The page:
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of these principles, and there are no “attachment police” who revoke your membership if they catch your child asleep in his own bed. In addition, attachment parenting is not, contrary to popular belief, a parenting style just for people who are wealthy or who are at-home parents, nor is it for people with an abnormal or superhuman amount of patience. It is for people from all walks of life who seek to parent gently and who believe that an independent adult is one who was allowed to form a healthy dependence and attachment to her caregiver in her formative years. What I discovered as an observer of families who lived by the principles of attachment parenting was that they did not bow to those who tried to coerce, threaten, mock, or cause fear about the most natural and instinctual event on the planet: being a parent. The relationships they had with their children were reciprocally considerate, respectful, loving, and authentic. The adults made choices about their pregnancies, births, and lifestyles out of a sense of faith, courage, and empowerment. They did not yell or use force to be heard by their children, and their children were receptive to being guided in their activities and behaviors without being afraid to assert their needs. What I discovered about attachment parenting as a neuroscientist was even more surprising and led me to a sort of internal revelation: these principles make sense evolutionarily. They foster brain development, promote healthy and secure attachment, and produce relationships that are scientifically proven to be sound in terms of infant health, psychological achievement, and the ability to truly thrive. By this reasoning, everything I had been taught from evolutionary biology all the way up to advanced neuroanatomy and neuropsychiatry supports the following: these principles do not need to be taught. Rather, they are innate, having been whittled down and programmed into our genetic code over hundreds of thousands of years of trial and error. The first Homo sapiens knew the same things I know about how to be a parent, even if it seems that I only intuitively know that the baby needs to stay alive and that it’s my job to make that happen.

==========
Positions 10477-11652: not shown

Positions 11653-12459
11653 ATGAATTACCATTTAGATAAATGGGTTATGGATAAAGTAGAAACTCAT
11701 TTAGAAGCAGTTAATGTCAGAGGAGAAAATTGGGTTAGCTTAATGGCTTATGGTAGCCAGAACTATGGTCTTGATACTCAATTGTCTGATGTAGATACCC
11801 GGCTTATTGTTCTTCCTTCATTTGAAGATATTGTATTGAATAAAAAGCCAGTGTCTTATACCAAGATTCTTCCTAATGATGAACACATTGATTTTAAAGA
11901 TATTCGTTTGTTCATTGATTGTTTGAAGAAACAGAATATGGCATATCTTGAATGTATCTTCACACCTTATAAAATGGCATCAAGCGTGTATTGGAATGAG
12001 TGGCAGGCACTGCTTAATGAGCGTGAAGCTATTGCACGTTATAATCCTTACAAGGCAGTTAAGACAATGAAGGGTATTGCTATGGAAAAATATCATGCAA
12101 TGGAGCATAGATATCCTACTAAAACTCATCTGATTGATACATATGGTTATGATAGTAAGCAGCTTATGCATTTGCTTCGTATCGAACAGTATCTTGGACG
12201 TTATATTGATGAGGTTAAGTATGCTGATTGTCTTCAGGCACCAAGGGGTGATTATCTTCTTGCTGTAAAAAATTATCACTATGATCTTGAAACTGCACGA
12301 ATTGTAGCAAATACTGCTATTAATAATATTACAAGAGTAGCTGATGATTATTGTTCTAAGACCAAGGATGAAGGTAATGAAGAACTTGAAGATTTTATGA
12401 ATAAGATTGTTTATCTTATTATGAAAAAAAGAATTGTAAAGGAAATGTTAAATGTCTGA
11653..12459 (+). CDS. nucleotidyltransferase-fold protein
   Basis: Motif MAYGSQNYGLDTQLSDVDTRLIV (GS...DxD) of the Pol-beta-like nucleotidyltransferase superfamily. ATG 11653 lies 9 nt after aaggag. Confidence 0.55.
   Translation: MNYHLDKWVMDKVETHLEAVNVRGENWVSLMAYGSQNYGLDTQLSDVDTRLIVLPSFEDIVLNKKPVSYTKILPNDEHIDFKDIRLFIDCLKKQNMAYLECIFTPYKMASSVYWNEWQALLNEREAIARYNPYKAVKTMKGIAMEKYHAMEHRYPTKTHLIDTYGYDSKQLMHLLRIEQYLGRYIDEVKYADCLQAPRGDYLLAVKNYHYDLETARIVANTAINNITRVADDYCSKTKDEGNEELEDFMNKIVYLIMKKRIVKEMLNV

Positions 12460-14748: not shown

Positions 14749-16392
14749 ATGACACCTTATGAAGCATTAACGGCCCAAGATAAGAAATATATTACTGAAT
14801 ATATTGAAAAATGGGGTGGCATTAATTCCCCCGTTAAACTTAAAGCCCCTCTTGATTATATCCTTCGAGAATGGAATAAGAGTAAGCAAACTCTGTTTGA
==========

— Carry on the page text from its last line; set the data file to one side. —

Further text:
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My training in neuroscience and years of anecdotal observation led me to the crux of the style of parenting I will describe in this book: there is something in us that already knows what our babies need. As prospective parents, we are bombarded with conflicting evidence, staggering statistics, threats of babies “too clingy” or “not securely attached” or—worse yet—psychologically harmed forever by our best intentions. We meet with obstetricians, midwives, pediatricians, child development psychologists, marital counselors, and preschool administrators. We turn to friends, books, and even wellmeaning family members to help us parent the “right way,” but what is right for one family is not always right for another. And there is a primal, ancient, and elegant instinct that we can tap in to to be the best parents we can be. This is not an easy task. Our instinct has been buried and smothered in recent years. It has been dismissed, mocked, ridiculed, and slandered. It has been the basis of spousal disputes, family battles, and internal wars. How do we get this instinct back?